A Daily Updating Blog of Important Events In History That Never Occurred Today.
Imagine what would be, if history had occurred a bit differently. Who says it didn't, somewhere? These fictional news items explore that possibility. Written by Alternate Historian
Editor says, what if General Leslie's Scottish Covenanting Army had been crushed by Royalist forces at Duns Law (instead of disengaging to sign the Treaty of Berwick)? Please note that the opinions expressed in this post do not necessarily reflect the views of the author(s). This article is part of the Politicians thread. Alternate Historian and 1 other(s) like this article.
In 1688,on this day James Francis Edward Stuart (the future monarch King James III) was born to the reigning king and his Roman Catholic second wife, Mary of Modena.
Birth of King James III By Ed, Jeff Provine & Jared MyersThe continuing primacy of Stuart authority had been firmly established during the Bishops' War of 1639. To nip that rebellion in the bud, his grandfather Charles I had marched the English Army to the Northern Border and mercilessly crushed a larger force of Scottish Covenanters. The most significant aspects of his stoicism was an ommission; he had not troubled himself to seek the permission of both Houses of the Parliament.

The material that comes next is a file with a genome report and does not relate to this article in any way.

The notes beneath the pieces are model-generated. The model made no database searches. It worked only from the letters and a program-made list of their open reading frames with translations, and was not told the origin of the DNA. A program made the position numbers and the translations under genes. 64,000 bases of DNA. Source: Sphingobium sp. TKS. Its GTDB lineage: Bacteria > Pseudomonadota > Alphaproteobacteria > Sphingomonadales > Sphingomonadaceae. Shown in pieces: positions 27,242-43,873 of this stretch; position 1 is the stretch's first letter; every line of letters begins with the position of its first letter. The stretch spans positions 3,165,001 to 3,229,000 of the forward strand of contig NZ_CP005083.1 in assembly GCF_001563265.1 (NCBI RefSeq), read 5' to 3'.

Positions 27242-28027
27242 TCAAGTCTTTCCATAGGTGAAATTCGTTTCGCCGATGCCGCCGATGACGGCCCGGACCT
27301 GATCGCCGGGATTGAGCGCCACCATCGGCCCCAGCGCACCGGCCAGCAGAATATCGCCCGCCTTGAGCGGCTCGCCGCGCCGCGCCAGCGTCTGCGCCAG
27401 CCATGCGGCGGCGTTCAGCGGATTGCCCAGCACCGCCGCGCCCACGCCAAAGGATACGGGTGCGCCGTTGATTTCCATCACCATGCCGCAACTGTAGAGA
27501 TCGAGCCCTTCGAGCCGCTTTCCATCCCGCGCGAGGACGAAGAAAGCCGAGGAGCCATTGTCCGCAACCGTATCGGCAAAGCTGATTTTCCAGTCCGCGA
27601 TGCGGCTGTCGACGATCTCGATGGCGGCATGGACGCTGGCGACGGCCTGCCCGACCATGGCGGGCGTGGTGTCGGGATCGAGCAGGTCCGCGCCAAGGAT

But by the time he ascended the throne in 1701, the power struggle had moved on, and James III realised that the time for absolutism had well and truly passed. A bold visionary, he would drive a radical process of modernisation, devolving power not just to the Imperial Parliament, but also to the assemblies of the American Colonies. And in so doing, he would build a glorious future, protecting his grandfather's colourful legacy by ensuring that the flavour of British Society remained forever embued with the unique Scottish flamboyance of the House of Stuart.
Editor says, in authoring this article we explore a central idea proposed by Niall Ferguson in "A Virtual History, 1646-1996". We have also repurpose content from Wikipedia. The central concept is that backing down during the First Bishop's War was fatal for the House of Stuart. Editorial comments are entered in [light green] typeface.